Gordon Vivian revived the dormant Kluckhohn premise in 1965 in his discussion of "Parallel Developments" in The Three-C Site report. The same year, he and T. Mathews more thoroughly evaluated "The Contemporaneous Community" in the Kin Kletso report, adding a third tradition (or "phase"), the McElmo. Three "differing phases of Anasazi development and tradition" were identified "on the basis of differing architectural traditions, some variation in ceremonial pattern and on possibly different adaptations to the environment ..." (1965:108). The Bonito and Hosta Butte phases were "the end products of long developing traditions in place" (110); the Bonito from basic San Juan traditions, the Hosta Butte possibly from Little Colorado traditions. The McElmo represented late site intrusitons from the northern San Juan Basin. Several basic Co-Traditions elements were defined or implied in the Kin Kletso report. Architecture played a critical role, the concept of community was introduced, the assumption that both small houses and great houses were domestic structures was reinforced, and there was general acceptance of a central canyon population of four to five thousand persons. It was implied that Bonito and Hosta Butte cultural development was relatively equally paced until the mid 1100s when the implementation of water control systems by great house populations may have triggered canyon-wide agricultural and ritual control by "the larger and more specialized group of the developing Bonito phase" (110).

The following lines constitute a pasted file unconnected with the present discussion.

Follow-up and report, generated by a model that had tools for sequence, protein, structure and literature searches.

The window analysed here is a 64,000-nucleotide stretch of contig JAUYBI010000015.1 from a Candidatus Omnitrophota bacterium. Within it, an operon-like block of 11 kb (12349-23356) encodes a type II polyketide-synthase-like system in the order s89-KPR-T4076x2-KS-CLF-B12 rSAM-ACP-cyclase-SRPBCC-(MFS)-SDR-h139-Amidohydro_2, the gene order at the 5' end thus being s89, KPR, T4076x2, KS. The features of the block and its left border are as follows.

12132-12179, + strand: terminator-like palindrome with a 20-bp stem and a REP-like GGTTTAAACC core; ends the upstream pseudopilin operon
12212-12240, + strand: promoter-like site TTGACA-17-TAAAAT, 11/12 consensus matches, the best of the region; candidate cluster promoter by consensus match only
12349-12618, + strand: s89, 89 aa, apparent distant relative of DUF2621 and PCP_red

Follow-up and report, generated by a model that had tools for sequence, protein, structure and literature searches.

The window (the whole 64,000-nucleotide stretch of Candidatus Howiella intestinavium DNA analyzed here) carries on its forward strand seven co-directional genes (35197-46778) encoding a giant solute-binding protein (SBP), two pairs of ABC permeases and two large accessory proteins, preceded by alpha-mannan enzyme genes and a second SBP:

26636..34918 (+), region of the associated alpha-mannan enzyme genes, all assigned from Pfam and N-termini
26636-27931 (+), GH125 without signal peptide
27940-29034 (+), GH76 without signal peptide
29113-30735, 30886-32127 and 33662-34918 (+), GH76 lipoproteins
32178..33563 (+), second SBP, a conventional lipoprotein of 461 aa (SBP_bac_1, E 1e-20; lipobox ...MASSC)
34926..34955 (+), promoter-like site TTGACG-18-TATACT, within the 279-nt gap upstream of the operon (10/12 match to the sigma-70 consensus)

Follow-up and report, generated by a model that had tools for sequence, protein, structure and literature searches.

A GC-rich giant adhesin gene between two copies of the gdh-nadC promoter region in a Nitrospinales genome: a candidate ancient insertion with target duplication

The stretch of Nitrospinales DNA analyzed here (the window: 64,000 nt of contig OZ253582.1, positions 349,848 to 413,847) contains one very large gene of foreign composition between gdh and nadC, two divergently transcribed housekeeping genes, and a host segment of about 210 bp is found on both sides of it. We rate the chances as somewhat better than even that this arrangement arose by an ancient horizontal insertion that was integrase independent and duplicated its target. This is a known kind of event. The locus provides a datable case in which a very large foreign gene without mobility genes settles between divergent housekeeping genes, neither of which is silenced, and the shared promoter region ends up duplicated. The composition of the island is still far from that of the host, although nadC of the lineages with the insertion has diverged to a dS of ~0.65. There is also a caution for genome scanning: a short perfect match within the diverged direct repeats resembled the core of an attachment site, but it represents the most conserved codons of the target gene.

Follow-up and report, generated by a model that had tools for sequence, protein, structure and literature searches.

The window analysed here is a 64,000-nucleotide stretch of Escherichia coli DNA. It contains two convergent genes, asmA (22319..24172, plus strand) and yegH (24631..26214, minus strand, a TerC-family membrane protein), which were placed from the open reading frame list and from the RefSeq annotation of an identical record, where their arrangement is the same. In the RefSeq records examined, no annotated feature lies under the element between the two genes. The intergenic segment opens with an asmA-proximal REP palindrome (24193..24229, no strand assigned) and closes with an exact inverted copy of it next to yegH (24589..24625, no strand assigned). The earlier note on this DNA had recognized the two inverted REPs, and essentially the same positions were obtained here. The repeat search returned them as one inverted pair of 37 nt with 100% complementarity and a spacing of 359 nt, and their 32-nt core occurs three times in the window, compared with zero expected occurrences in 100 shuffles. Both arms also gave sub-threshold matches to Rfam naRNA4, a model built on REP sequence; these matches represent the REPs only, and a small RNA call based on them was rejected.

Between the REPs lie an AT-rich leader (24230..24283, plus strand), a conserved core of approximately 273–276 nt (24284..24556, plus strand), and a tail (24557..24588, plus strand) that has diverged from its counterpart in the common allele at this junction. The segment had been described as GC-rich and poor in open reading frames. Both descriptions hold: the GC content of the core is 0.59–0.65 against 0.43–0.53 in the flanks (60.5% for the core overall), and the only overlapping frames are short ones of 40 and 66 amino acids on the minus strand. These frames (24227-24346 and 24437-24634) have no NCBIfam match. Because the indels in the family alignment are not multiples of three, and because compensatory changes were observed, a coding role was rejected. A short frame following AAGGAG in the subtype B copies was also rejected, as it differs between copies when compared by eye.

In 1970, Gwinn Vivian accepted the Vivian and Mathews tri-partite community and population estimates, focused on contrasting the Bonito and Hosta Butte (excluding McElmo sites) communities from approximately A.D. 1030-1130, and proposed that they reflected the "operation of two different systems of social organization" (1970:61). Expanding on Gordon Vivian's links between water control systems and community diversity, he argued that great house communal investment in water control reinforced integrative mechanisms in the organizational base of town social systems, which he proposed were dual division residence units characterized by nonexogamous moieties with a bilocal residence pattern. Social cohesion was achieved by moiety sharing of governmental and ceremonial responsibilties and by moiety crrss-cutting sodalities. Villages were residence units of uxorilocal and exogamous corporate localized lineages.